Everyone needs to understand everyone learns differently. I’ve been studying Japanese for a year and I figure I’m at 30 to 35% fluency. I’m learning vocabulary at a good pace and after taking it slow with grammar for about six months I’m beginning to grasp it with the help of Duolingo and books. It may take me two or three more years to become fluent and to be able to have a conversation but I will get there eventually. I recently visited family where a family member was a Japanese native. Learning with a teacher or native speaker would definitely speed up the process but I don’t mind doing it on my own which would be a huge accomplishment. I think I have average intelligence so if I can do it anyone can. It’s all about small gains. I learn something new every day, usually vocabulary through WaniKani or in the wild (Duolingo). I just keep learning new words and I keep going over grammar. I find that I’m getting better. I didn’t think learning a new language would be easy, actually I thought it would be impossible. I’m now over the hump and in it for the long haul. I figure two maybe three more years and I will be fluent. If it takes five more years that’s fine because the result will be the same, I can fluently speak Japanese. What an accomplishment for an average person. Then I will learn Spanish for business purposes which is a lot more similar to English and easier. When things get tough don’t give up, just look how far you made it. The easy part is kanji and vocabulary, don’t worry about automatically knowing everything you went over. It’s all about storing it in your memory bank so when you see it again you can recall it easier. Keep at it and you will get there. In anything you do, never give up!
Sure but having realistic expectations is also important.
Of course they are but you can do it if you really want to. It may take someone two years but it may take you ten years. The end result is the same. Fluency! Don’t compare yourself to others. Some people have teachers, Japanese friends, better resources, more money to get better resources. Other people are just smarter or have photographic memories, or maybe they spend twice as much time in a day studying. I’ve been out of school for a while and I wasn’t the best in English grammar so I’m lacking. I study every day and now I realize it’s just a matter of time and effort.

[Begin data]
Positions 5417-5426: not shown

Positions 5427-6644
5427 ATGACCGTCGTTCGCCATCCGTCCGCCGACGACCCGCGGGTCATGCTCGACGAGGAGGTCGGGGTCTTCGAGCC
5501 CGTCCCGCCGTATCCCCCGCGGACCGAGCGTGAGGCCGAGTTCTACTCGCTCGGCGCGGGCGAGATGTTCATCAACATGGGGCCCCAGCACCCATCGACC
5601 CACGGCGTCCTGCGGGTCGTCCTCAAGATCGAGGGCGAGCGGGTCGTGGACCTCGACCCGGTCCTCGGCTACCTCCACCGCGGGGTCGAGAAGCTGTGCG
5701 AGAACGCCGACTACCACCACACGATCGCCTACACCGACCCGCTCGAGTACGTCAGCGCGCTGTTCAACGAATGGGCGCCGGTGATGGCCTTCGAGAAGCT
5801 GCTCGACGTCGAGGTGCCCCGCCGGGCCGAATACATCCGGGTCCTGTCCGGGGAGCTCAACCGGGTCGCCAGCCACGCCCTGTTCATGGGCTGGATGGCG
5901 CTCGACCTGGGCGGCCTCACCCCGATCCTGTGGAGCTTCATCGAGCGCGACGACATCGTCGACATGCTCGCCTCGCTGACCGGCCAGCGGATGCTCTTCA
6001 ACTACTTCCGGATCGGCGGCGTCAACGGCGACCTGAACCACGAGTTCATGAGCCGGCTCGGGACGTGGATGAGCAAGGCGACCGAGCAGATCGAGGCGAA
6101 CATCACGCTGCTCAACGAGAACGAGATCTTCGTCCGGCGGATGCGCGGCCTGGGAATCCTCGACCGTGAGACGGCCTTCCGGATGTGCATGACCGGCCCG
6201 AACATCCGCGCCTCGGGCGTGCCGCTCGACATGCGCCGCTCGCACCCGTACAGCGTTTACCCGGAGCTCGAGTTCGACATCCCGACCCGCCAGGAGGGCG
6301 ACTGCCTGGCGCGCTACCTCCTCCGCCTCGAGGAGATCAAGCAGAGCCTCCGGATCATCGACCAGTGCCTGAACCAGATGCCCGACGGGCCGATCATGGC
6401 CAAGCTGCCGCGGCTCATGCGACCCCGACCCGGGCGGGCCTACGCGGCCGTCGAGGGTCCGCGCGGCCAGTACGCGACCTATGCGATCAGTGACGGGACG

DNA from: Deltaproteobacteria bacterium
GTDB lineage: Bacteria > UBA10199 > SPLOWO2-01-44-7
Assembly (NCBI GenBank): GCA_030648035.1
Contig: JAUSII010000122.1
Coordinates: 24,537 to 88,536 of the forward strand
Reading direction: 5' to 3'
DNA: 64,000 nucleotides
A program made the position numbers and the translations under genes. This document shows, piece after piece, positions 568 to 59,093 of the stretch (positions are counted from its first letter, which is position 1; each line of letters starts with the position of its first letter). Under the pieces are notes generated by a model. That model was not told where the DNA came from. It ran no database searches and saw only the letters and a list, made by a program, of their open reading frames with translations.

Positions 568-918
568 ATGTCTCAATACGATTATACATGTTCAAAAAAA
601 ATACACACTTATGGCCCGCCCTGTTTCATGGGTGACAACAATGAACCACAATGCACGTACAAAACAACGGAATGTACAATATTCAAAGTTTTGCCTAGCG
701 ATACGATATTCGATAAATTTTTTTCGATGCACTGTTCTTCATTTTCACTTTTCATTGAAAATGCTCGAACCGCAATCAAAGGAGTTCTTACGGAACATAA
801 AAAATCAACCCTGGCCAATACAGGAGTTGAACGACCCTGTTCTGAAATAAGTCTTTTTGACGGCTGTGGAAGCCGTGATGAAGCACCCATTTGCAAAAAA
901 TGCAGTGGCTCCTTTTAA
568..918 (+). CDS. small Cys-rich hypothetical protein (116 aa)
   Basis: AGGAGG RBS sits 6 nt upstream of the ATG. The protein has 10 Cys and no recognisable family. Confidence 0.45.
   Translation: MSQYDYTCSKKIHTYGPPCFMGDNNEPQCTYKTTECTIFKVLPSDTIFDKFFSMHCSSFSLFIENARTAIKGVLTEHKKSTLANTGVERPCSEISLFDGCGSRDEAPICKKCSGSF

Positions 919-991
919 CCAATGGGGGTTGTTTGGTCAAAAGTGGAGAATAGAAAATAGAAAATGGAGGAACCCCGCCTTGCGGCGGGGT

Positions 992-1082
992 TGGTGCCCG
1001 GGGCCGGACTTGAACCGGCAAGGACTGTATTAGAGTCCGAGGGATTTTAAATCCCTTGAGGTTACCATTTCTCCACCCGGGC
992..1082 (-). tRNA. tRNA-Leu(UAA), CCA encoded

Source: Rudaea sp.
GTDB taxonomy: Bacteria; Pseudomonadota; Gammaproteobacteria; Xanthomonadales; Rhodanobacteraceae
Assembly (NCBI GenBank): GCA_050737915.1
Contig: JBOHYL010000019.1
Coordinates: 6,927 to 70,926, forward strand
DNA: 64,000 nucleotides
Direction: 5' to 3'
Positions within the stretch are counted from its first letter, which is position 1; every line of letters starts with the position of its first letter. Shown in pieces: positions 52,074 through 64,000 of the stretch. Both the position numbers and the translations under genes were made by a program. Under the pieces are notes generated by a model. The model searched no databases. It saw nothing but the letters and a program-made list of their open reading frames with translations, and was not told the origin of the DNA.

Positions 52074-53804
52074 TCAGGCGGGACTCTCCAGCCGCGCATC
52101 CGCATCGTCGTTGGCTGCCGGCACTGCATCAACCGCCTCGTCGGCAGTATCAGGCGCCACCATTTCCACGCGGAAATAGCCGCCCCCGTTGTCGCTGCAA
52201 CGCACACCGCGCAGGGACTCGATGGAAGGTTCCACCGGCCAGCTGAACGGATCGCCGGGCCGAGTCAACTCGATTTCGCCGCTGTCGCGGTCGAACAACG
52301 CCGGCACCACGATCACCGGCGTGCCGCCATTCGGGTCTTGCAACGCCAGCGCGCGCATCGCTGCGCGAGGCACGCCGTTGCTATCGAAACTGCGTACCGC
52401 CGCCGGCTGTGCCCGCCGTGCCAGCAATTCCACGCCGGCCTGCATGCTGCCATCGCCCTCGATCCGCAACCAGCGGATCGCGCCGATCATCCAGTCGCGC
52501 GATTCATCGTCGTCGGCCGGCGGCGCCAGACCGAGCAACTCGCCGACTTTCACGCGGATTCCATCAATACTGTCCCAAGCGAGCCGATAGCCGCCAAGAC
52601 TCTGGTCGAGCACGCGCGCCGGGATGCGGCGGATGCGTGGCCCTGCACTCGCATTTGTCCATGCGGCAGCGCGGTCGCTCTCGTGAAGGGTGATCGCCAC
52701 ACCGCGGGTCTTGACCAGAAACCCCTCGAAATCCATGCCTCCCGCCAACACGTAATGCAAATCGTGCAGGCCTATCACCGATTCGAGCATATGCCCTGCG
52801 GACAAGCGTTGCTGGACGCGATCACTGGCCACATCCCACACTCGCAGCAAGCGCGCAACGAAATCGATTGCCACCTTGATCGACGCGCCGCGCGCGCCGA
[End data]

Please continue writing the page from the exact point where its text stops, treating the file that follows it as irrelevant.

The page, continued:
Another awesome thing is wordplay and it helps with memorization. Looking up new words, old words, increasing your vocabulary and memory. I love learning new things!
Animelon and other sites which gives you japanese subtitles is quite helpful. I tend to use both english and japanese at the same time, but mainly just read the japanese one, if I’m unsure I’ll glance at the english one and if a new word or expression comes up I just check that out. Ez.
I’ll check it out, going through genki books, Duolingo, and grammar lessons daily. When I started I had a headache, now I can comprehend things better especially since I have a good grasp on kanji and vocabulary. There is still a lot I don’t know or I understand but that’s the fun part of learning. For most people this is something they want to do, not a requirement so look at it as fun and not a chore. Anything I do I look at the pros and cons. This has so many benefits I can’t even name them all.
IMHO, try not to think in terms of degree of fluency. What fluency might mean to you now is perhaps meaningless because you don’t yet know what you don’t know.
Focus on enjoying the process and try to be positive about where you are at any given moment. Commit to studying every day and value review just as much as “moving forward”. Your Japanese ability will be what it will be. Perhaps your goal should be to be able to communicate in Japanese sufficiently better than some random Japanese native speaker communicates in English. That way that person will find it easier to deal with you in Japanese than English. I think that then you will have a chance to become “fluent”.
If you’re going to do something do it all the way. I won’t discuss all my reasons but some of them are anime, i love the culture and I plan on making multiple visits to Japan in the future. I want to be able to enjoy the full experience. My definition of fluency is being able to have a conversation in Japanese and watching anime without subtitles. I said a few years I’ll be fluent but if it takes longer that’s fine. I spoke to a native Japanese speaker and I could tell with a teacher or Japanese friend I would learn a lot quicker but I’m patient. If I learn on my own with no help it would be a huge accomplishment. I also realize it’s just a matter of time. Keep studying and applying myself every day and it will eventually happen and not worry about what others are doing because everyone learns differently.